Michał Kalbarczyk

  • buildroot
  • nerves
  • linux
  • drives
  • kernel

7 Tips for Building Kiosk Device with Nerves and Buildroot

For about a year I’m working on some interesting machine. The first challenge was to build a kiosk device. During working on that I’ve made a lot of research and ended up with Nerves.

What is Nerves?

Craft and deploy bulletproof embedded software in Elixir

You can read more about this project here: https://nerves-project.org/

Nerves is a neat tool, to help you wrap software you’ve written into the single firmware. You can burn it into sd card, pen drive or an SD drive. Single file firmware file is a big advantage. You can burn a few versions of firmware on a bunch of pen drives, and switch them easily.

What do we need to archive?

We need a kiosk device with two screens. The displays should show us a web content served by local server (no internet connection). The backend stuff is written in elixir of course. All things are running on X86_64 with Radeon. Important thing is that we will need the full power of GPU.

What is this article about?

It’s not a step by step guide to building such a thing. I’ll share with you few tips learned during working with buildroot and nerves.

Start!

As a good start, we have to burn something and see what will happen.

First I’ve tried was this one:

https://github.com/LeToteTeam/kiosk_system_x86_64

Good start but nothing works. Why? Because there are no radeon drivers. We will take care of that later.

So I’ve started to build a new nerves_system on the top of:

https://github.com/nerves-project/nerves_system_x86_64

Buildroot cache

I’m spent a lot of time watching the nerves system compiles. To make things faster you can enable the cache. Buildroot has a build in solution. All you need to do is add a single line to nerves_defconfig file.

BR2_CCACHE=y

Now your next build should finish a lot faster.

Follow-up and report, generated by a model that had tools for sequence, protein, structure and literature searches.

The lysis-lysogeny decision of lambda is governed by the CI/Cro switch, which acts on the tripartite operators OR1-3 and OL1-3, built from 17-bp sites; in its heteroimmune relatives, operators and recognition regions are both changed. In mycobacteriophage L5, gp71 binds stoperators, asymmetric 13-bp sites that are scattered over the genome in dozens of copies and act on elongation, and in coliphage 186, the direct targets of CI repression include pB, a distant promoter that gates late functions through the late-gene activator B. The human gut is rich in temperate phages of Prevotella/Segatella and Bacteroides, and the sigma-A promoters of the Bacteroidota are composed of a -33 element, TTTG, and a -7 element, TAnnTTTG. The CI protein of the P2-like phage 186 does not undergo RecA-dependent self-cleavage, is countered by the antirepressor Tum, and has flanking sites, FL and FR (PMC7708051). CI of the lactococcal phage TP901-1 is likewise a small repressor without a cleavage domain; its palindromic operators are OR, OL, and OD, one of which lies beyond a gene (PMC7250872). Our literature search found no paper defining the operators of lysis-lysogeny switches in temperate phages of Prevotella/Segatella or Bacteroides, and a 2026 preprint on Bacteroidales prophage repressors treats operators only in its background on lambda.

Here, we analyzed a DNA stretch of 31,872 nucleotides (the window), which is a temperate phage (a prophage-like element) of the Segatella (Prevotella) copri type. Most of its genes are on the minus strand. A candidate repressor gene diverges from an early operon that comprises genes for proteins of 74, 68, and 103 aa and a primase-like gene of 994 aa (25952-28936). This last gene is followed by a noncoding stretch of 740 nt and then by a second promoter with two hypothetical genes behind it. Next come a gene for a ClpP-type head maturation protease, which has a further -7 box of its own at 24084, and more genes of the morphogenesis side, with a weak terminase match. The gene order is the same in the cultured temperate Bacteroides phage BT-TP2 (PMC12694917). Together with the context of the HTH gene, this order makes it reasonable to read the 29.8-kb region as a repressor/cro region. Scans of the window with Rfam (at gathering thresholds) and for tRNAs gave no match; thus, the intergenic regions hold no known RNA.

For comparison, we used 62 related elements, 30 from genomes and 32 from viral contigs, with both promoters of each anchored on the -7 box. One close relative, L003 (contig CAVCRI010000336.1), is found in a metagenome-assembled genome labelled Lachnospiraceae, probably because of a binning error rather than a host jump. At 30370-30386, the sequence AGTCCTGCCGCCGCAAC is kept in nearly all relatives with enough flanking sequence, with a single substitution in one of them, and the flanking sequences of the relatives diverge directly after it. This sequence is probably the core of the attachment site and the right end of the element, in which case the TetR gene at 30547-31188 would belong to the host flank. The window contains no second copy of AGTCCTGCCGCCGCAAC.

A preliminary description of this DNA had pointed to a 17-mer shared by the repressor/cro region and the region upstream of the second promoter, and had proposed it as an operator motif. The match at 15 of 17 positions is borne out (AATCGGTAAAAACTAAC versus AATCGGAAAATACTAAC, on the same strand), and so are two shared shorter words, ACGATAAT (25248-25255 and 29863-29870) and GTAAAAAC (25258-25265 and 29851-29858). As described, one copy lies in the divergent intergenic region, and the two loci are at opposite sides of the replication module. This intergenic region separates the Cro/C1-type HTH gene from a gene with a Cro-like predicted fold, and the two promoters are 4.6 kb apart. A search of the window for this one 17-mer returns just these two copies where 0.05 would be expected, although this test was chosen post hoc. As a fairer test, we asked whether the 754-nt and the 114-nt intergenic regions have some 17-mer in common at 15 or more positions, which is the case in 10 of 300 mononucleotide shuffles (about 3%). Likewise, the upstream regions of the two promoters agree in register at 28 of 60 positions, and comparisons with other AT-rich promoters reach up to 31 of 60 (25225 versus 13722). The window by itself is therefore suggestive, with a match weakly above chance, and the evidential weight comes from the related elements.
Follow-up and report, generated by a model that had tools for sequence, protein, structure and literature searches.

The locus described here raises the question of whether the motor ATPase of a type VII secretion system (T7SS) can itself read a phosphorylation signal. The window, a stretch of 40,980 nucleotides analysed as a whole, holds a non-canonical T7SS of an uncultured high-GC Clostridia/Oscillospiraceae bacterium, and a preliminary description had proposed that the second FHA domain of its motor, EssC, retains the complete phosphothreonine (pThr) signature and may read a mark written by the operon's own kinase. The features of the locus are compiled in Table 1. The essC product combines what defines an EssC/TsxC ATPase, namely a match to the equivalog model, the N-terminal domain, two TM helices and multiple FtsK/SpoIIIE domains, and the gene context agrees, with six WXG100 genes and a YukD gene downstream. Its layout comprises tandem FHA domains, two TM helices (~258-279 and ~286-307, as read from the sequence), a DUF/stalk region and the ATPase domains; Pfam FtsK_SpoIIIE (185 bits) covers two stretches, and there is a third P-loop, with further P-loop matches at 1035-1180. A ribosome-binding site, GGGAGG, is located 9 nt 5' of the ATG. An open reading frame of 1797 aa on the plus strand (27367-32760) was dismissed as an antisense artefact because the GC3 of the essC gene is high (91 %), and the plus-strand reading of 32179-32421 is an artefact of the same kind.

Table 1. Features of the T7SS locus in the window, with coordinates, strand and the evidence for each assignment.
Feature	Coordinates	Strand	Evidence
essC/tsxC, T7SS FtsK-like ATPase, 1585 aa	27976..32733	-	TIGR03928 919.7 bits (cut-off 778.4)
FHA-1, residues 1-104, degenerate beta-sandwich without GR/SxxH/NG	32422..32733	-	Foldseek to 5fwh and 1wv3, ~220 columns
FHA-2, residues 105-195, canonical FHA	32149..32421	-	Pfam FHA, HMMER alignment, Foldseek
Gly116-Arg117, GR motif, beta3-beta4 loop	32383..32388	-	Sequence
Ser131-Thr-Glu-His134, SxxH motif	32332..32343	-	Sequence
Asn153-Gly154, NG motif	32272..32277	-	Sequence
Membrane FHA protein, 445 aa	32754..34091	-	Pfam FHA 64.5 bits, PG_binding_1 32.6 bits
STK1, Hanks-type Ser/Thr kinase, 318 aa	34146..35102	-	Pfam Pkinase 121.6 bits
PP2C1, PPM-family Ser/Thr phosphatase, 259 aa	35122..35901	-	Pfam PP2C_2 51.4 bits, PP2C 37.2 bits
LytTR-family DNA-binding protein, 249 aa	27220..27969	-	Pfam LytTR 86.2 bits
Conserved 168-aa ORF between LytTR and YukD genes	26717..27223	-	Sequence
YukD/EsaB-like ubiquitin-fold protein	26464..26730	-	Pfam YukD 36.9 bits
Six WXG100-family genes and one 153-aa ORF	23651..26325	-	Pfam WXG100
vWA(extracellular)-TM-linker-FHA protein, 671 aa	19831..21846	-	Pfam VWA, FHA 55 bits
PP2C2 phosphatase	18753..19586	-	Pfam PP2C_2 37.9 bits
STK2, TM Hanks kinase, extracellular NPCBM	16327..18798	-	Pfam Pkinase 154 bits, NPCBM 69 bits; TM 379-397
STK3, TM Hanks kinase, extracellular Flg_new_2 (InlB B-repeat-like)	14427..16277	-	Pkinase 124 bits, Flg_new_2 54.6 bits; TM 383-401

Radeon drivers

As I mentioned GPU driver is a must. There are 2 places. First one is a linux kernel, the second one is a burildroot config.

I’ve added those line into linux-*.config file:

CONFIG_DRM_AMDGPU=y
CONFIG_DRM_AMDGPU_SI=y
CONFIG_DRM_AMDGPU_CIK=y
CONFIG_DRM_AMDGPU_USERPTR=y
BR2_PACKAGE_LINUX_FIRMWARE=y
BR2_PACKAGE_LINUX_FIRMWARE_AMDGPU=y

Yeah! No big deal. But this is not enough. We need few other things. To make it work we will need at least buildroot version 2018.05. No worries, nerves supports it from a 1.2 version. It can be done with later version but why we should bother with dirty hacks if we can make it easy.

We need the kernel and mesa3d drivers!

BR2_PACKAGE_LINUX_FIRMWARE=y
BR2_PACKAGE_LINUX_FIRMWARE_AMDGPU=y
BR2_PACKAGE_MESA3D=y
BR2_PACKAGE_MESA3D_LLVM=y
BR2_PACKAGE_MESA3D_GALLIUM_DRIVER_RADEONSI=y
BR2_PACKAGE_MESA3D_DRI_DRIVER_RADEON=y
BR2_PACKAGE_MESA3D_OPENGL_EGL=y
BR2_PACKAGE_MESA3D_OPENGL_TEXTURE_FLOAT=y

First two lines will install GPU driver to the target system, next we asking buildroot to install mesa3d drivers. The last line is important. I’ve spent a lot of time figuring out why there are a lot of glitches on the screen, the last line resolves the problem completely.

Make things faster

I’ve figured out that our application runs a lot slower compared to one running on Ubuntu. It’s not about GPU. The CPU load was as twice bigger that on ubuntu? Why? As always, a lot of research and very easy solution.

CONFIG_NO_HZ_FULL=y
CONFIG_NO_HZ_FULL_ALL=y
CONFIG_HIGH_RES_TIMERS=y
CONFIG_IRQ_TIME_ACCOUNTING=y
CONFIG_SCHED_SMT=y
CONFIG_PREEMPT=y
CONFIG_CPU_IDLE_GOV_MENU=y

I know looks weird. But those kernel switches will improve CPU time scheduling. How did I figure out this? When I was thought about why the load average is so high, I’ve taken a look how Ubuntu kernel is configured. There was CPU section. After few google queries, it was clear.

Compile optimization

Buildroot optimizing target system for size. It’s not very performant. You can change that.

BR2_OPTIMIZE_3=y

That’s it. You can try BR2_OPTIMIZE_FAST but it does not work for me.

Show me something

We need a web browser! During one of the ElixirConf, The Nerves Guys convince us to use QT5. QT is great. Is very light, have a webengine component, and you can create an app with few lines of C++ code and QML. How can I install it? Here you are:

BR2_PACKAGE_QT5=y
BR2_PACKAGE_QT5BASE_SQLITE_SYSTEM=y
BR2_PACKAGE_QT5BASE_LINUXFB=y
BR2_PACKAGE_QT5BASE_DEFAULT_QPA="eglfs"
BR2_PACKAGE_QT5BASE_GIF=y
BR2_PACKAGE_QT5BASE_PNG=y
BR2_PACKAGE_QT5MULTIMEDIA=y
BR2_PACKAGE_QT5WEBENGINE=y

Another advantage of that is that you don’t need to worry about Xorg or Wayland configuration. It’s not needed. QT has its own compositor and supports OpenGL as well.

Configuring WebEngine

It’s very easy to configure WebEngine inside your application. All you have to use is QTWEBENGINE_CHROMIUM_FLAGS environment variable.

I’ve spent a lot of time figuring out how to enable antialiasing in WebGL context. Tried to add switches, but always at the end of parameters QT added few own switches that disable antialiasing. The --disable-embedded-switches switch done the job.